Mount Vesuvius is an active volcano located in the Gulf of Naples. About 5.6 miles east of Naples and a short distance from the shore. Vesuvius consists of a large cone partially encircled by the steep rim of a summit caldera caused by the collapse of an earlier and originally much higher structure.
The biggest eruption of Mount Vesuvius happened in AD 79 and caused the destruction of the Roman cities of Pompeii and Herculaneum, as well as several other settlements located around the bay of Naples. The eruption ejected a cloud of stones, ashes and volcanic gases to a height of 21 miles, spewing molten rock and pulverized pumice. More than 1,500 people died during the 79AD eruption. The only surviving eyewitness account are two letters by Pliny the Younger to the historian writer Tacitus.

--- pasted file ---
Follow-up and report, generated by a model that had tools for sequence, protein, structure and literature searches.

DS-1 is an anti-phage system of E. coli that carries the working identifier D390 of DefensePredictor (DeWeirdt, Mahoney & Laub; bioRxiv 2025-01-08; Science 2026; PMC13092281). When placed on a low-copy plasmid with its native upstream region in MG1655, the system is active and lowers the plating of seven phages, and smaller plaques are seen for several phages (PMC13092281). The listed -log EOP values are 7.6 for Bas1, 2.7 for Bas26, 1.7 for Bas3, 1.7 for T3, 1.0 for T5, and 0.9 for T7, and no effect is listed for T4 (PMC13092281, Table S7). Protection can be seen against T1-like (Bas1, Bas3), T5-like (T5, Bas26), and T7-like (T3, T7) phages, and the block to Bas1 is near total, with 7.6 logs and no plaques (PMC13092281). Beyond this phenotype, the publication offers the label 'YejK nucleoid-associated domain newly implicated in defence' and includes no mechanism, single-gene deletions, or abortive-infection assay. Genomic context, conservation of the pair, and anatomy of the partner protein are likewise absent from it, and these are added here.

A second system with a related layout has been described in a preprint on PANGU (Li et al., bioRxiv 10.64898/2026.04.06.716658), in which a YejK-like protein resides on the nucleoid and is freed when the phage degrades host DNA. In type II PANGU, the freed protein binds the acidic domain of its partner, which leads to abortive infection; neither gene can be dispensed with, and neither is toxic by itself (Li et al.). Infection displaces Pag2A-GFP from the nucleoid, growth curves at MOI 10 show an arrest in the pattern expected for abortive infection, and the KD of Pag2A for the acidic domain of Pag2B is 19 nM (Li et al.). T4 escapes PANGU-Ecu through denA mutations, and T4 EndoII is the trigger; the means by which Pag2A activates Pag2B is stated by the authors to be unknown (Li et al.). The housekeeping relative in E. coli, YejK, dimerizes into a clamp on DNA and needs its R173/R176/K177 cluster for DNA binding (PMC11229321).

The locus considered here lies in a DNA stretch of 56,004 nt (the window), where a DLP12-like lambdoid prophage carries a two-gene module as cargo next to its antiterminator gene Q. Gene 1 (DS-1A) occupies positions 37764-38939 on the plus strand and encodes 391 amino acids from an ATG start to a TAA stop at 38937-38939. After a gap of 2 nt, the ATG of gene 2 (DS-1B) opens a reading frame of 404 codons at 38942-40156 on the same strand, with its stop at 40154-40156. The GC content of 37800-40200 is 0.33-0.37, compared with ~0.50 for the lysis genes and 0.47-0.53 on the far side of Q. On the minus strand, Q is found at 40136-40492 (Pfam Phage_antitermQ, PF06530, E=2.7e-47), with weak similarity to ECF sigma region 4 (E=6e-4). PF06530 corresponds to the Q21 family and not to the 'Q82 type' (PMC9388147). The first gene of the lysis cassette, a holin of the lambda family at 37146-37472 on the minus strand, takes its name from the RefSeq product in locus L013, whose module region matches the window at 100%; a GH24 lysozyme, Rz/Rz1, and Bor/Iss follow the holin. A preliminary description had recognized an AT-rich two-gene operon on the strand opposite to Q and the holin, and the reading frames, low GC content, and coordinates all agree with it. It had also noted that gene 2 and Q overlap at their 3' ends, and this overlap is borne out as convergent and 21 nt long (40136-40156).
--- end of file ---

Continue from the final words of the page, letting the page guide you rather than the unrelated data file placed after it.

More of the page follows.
Seen from Naples, it is clear that the perfect cone is actually a volcano within another, much larger volcano. The crater of the mother mountain, Monte Somma, rings Vesuvius to the left, its slope broken off in an eruption 17000 years ago. Now the present 1276 meters (4173 feets) cone has grown and changed shape through many eruptions. The last eruption was in the 1944 during the World War II. Today, it represent one the most dangerous volcanoes in the world because of the population of 750000 people living nearby (the RED ZONE area) but it is constantly monitored by the local Observatory based in the Naples city.